Telling Tales 49
Marya’s tasks grew more formidable, but not always greater in size. Once every part of the castle was clean, Koschey had her clean every part of the grounds. Once the grounds were clean, he had her straighten every part of the castle. By the time she was finished, the orchards stood in neat rows. The hedges with their iron thorns, the slightest scrape from which would put you into a hundred year sleep, now tangled themselves into beautiful patterns and knots. The dungeons were perfectly dank and the spiderwebs hung just so. Then it was on to finding things that Koschey had lost or misplaced or simply wanted.
“Make me a birdcage made of gold.”
“Make me a saddle of the purest white leather.”
“Someday I may marry. Sew for me a dress of moonlight and stardust.”
Every day Marya asked Koschey where he kept his heart. Every day he told her a lie and set her a new task with the promise that he would kill her if she failed. Marya did not think that he was lying about that part.
She knew that he no longer left on his wild travels. She knew that he stayed and spied on her and attempted to discern the manner by which she accomplished each and every job. She knew that however much he knew, it would not help him to listen, and so every day she danced. Some days it was a pounding, stomping crush of a dance. Others she flowed like a gentle breeze. It was less her mood and more the task ahead of her and the lives that she touched, for one does not dance with a monstrous beast to the same beat that one dances with a river or a shovel.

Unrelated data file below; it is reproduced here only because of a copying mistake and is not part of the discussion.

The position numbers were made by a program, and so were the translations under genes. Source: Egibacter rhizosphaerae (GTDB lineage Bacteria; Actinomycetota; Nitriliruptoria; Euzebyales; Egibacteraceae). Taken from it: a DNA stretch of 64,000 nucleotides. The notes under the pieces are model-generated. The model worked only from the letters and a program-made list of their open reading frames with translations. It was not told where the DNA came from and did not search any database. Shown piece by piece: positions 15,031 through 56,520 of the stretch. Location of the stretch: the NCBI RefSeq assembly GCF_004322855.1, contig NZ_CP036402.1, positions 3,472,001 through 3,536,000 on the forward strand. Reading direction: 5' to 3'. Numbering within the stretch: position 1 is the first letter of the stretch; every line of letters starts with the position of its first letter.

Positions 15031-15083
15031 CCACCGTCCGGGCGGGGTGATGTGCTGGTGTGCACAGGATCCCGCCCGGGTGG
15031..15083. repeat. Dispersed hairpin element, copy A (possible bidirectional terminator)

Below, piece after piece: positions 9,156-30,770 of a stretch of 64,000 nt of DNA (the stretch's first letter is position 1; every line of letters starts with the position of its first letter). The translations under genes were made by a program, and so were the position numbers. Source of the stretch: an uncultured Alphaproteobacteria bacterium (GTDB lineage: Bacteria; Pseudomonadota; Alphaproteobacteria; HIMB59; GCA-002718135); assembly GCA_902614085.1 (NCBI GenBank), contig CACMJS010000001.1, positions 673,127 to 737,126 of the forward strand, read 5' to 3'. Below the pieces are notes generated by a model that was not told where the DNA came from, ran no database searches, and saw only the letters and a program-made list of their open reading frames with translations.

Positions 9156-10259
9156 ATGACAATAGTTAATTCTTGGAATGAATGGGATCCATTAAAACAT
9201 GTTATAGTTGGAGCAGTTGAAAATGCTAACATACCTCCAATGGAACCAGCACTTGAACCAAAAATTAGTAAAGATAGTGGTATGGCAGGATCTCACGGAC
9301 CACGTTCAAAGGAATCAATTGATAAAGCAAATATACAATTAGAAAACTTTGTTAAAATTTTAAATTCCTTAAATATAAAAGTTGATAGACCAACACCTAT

She saw Koschey as a horsefly. She saw him as a spider. She saw him as a sunbeam, a fish, a poisonous flower. She saw him as a wind, a bird, the morning mist, and a blade of grass.
She danced. She waited and she danced.
Marya was no prettier now than when she fell down the well. She was no thinner, but she was much stronger and she had the grace and whimsy of a daffodil on the breeze. She was as patient as ever. She danced better and with more partners and what she learned about them was that the uglier the partner, the more loyal the partner. The moat, having been cleansed, would have turned to rain if she were to but ask it. The monstrous creatures, though they might snap to let her know that they were still fearsome, would have torn any other to bits that would have harmed her. The earwigs and weevils helped her clean and told her where Koschey sat, watching, and what his form was. They did not care for her looks one way or the other. They loved to dance and they loved that she danced with them.
And she waited and she learned and did every job she was given. Just as old Mother Holle told her to do.